This course requires students to develop individual portfolios about contemporary issues, sharing work with increasing depth as the semester progresses.
Students write and collaobrate to develop cross-disciplinary knowledge and broaden perspectives regarding local, provincial, national, and international news. Assignments encouraging interactions with peers across campuses and borders will build broad understanding of issues in an exciting and personalized manner.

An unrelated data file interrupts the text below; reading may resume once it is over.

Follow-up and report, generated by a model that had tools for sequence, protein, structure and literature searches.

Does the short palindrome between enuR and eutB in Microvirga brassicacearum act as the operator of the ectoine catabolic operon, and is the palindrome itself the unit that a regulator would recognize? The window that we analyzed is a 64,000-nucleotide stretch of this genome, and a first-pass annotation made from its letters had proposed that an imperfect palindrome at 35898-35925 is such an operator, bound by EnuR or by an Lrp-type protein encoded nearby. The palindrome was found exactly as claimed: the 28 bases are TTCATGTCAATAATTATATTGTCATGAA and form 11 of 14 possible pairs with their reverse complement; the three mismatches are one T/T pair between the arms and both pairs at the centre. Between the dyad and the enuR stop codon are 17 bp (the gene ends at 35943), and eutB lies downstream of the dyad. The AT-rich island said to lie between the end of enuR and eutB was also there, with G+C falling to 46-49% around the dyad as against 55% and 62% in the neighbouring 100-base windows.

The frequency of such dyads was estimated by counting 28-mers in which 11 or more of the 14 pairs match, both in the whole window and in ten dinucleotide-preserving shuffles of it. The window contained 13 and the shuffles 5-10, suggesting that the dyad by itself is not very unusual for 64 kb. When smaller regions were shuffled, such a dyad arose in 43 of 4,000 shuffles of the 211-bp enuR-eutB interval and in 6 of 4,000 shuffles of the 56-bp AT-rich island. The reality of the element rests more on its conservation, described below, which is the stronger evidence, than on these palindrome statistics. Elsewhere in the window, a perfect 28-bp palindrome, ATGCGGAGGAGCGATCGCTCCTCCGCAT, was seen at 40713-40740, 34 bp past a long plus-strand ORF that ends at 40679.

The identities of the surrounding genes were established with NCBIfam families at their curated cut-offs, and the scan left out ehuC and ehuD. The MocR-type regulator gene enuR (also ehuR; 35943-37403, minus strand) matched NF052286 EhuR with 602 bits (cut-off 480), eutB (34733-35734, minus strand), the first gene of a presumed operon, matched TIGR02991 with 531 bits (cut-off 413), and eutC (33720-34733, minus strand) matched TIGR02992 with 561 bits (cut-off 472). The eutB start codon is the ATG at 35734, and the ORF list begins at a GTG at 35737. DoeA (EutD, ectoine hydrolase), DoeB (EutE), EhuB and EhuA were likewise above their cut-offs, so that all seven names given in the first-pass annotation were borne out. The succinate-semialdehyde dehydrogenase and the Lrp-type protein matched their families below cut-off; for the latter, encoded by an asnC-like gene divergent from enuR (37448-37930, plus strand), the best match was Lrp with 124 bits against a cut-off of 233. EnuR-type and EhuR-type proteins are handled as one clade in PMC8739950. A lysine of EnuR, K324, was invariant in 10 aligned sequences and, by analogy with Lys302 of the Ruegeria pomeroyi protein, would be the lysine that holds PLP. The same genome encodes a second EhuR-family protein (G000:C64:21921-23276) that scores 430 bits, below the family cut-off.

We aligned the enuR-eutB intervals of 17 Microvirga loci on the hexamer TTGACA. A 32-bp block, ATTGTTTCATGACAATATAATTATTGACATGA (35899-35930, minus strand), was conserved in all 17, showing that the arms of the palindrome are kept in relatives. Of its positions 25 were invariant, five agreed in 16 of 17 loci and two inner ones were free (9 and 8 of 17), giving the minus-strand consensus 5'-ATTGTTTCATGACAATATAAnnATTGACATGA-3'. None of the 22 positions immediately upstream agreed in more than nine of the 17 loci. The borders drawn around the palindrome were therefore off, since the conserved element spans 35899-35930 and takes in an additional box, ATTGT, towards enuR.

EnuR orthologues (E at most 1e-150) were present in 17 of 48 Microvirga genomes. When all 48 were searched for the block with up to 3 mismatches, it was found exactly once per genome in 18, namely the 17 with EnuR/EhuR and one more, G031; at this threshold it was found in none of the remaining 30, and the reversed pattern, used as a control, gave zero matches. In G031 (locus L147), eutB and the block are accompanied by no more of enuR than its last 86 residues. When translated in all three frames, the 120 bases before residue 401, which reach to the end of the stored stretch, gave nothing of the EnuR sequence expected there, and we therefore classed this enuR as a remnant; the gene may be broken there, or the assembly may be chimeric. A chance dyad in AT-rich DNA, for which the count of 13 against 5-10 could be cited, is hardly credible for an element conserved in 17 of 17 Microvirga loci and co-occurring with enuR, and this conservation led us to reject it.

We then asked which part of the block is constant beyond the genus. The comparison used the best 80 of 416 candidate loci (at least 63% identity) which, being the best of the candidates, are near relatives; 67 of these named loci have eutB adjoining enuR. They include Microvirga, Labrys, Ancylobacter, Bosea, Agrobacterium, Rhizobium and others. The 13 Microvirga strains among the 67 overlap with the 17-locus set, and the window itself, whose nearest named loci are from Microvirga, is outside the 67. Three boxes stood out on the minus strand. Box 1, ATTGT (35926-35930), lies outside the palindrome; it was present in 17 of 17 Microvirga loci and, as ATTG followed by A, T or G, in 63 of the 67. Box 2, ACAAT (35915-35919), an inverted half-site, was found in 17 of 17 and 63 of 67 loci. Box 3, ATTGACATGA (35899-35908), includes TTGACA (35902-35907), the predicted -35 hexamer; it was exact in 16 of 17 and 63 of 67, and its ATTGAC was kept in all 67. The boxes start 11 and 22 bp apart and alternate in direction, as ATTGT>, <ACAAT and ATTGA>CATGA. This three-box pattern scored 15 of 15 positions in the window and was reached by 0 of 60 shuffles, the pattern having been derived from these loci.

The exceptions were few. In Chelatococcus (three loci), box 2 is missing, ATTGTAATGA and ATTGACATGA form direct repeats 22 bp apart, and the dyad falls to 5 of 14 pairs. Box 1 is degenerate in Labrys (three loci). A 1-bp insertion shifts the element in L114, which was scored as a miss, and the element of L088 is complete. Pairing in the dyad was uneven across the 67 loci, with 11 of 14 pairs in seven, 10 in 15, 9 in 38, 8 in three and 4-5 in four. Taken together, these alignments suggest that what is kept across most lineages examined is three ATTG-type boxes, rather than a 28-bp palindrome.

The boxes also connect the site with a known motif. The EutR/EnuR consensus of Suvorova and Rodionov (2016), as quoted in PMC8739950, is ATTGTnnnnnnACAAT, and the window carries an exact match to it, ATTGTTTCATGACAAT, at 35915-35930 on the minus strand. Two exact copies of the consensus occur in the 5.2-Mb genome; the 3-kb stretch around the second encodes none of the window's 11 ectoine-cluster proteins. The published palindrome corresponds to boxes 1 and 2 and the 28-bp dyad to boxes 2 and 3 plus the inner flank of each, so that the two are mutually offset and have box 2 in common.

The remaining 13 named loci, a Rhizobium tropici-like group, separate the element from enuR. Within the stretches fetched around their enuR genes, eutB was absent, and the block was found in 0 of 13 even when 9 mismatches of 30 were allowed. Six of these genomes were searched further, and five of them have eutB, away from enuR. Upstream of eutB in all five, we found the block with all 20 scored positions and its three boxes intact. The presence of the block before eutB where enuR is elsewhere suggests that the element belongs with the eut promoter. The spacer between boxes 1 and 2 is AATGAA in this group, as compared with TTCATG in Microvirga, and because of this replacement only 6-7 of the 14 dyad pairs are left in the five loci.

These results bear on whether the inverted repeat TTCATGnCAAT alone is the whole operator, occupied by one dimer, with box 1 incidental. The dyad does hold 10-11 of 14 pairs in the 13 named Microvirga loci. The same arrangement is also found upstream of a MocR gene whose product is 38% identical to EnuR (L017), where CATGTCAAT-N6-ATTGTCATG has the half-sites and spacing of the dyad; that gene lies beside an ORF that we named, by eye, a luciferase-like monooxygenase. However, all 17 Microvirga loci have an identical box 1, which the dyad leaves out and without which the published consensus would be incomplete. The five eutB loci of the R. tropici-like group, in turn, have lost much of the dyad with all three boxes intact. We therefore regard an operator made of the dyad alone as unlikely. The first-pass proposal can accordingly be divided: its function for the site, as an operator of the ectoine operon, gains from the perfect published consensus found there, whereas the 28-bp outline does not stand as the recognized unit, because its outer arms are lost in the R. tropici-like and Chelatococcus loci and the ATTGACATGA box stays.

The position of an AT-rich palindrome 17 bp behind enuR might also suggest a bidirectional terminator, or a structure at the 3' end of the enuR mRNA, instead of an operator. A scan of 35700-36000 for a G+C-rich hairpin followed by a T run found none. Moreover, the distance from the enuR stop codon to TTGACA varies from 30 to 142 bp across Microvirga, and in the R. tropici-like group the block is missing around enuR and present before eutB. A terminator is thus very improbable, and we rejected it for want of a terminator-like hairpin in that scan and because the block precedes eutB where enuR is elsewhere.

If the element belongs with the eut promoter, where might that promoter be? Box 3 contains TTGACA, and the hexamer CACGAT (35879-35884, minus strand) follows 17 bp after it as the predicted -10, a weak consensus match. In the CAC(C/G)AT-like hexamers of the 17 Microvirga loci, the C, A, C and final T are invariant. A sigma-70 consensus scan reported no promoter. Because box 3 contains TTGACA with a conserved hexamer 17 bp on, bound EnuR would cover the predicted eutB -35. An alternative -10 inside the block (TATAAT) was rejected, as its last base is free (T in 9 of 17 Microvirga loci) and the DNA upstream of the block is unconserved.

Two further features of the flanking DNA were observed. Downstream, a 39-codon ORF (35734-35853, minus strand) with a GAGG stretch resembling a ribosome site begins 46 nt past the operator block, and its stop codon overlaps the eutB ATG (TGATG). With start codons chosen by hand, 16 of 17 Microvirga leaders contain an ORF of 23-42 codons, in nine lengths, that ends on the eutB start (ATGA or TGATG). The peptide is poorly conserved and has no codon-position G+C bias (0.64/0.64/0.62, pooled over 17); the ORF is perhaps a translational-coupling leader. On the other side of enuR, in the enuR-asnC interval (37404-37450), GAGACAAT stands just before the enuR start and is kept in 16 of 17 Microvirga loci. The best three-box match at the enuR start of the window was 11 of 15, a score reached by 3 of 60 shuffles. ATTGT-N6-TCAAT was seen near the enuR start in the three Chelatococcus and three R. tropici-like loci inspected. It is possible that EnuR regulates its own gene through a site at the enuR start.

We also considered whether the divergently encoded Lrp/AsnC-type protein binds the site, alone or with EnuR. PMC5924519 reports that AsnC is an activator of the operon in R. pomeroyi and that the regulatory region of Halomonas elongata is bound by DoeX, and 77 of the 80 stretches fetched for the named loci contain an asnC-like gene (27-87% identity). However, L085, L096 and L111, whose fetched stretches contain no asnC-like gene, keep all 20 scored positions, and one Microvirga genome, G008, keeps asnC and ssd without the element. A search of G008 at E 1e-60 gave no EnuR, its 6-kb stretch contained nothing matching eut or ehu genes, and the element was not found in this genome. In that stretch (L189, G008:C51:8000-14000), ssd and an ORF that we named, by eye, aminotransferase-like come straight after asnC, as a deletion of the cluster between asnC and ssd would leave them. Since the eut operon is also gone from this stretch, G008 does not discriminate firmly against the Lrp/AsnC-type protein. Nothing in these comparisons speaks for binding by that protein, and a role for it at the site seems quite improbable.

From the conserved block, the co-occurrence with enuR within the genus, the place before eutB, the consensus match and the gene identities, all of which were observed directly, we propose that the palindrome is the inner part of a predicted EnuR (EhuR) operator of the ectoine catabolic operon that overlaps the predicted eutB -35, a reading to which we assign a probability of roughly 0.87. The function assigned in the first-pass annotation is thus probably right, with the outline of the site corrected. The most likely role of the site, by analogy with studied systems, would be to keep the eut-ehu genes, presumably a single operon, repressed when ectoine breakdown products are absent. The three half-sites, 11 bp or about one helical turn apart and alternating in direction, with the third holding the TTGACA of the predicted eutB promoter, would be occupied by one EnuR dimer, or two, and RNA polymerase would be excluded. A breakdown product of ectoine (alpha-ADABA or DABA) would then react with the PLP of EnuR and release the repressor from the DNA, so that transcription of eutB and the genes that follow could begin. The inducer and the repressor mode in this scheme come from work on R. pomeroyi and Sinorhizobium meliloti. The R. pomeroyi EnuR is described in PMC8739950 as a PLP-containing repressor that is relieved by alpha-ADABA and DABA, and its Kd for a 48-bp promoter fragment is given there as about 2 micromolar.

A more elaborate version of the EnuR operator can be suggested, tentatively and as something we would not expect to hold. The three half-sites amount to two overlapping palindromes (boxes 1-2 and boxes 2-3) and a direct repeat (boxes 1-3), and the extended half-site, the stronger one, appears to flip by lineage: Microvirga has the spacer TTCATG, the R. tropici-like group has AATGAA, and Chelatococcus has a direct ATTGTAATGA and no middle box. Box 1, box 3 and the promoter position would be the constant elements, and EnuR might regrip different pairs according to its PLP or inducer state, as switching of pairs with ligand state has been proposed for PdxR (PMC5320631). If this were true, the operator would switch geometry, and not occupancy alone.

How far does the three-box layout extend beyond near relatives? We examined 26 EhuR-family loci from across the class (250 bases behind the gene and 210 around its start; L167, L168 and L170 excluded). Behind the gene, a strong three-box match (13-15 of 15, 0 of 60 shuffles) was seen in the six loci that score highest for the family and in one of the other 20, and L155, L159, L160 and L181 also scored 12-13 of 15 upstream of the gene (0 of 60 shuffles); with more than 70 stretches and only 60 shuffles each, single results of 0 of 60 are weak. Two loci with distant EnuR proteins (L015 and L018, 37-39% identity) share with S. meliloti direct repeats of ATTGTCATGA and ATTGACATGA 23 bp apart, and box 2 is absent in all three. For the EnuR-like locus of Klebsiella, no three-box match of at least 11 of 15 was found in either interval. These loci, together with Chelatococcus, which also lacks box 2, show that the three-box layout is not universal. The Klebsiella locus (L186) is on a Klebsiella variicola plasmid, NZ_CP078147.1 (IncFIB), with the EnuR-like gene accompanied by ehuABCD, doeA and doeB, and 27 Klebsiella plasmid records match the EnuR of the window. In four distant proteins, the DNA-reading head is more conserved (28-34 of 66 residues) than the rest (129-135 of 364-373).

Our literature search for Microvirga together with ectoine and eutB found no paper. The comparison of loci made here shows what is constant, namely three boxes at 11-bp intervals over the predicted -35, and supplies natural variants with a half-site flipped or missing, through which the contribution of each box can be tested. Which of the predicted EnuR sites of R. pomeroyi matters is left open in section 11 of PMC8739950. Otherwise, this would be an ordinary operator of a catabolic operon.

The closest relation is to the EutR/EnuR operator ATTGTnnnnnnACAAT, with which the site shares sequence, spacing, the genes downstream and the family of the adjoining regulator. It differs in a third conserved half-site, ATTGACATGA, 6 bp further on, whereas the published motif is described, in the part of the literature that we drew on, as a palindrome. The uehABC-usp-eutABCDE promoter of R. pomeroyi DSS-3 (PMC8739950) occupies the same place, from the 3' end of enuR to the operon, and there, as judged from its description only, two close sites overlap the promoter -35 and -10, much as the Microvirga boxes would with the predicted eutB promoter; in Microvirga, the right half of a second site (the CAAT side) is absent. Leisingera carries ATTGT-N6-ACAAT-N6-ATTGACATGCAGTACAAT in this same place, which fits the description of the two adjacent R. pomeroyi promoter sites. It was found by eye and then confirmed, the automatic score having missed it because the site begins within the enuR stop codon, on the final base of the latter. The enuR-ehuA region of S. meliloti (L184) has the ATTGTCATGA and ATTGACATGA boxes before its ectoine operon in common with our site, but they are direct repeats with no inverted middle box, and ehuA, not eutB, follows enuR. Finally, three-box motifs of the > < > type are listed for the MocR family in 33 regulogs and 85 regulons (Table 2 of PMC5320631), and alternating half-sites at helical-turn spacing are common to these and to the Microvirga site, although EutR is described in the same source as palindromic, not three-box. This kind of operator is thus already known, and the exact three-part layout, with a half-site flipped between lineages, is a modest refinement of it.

To quote L.P. Hartley: “The past is a foreign country: they do things differently there.” Early modern Europe (1500-1800) does indeed seem like a foreign land, where kings and queens ruled over a population that would be considered both ignorant and subservient by modern standards. And yet, this was a universe that had its own rationale and a time when important developments in scientific, philosophical, political, and religious knowledge laid the foundation for the world in which we live today.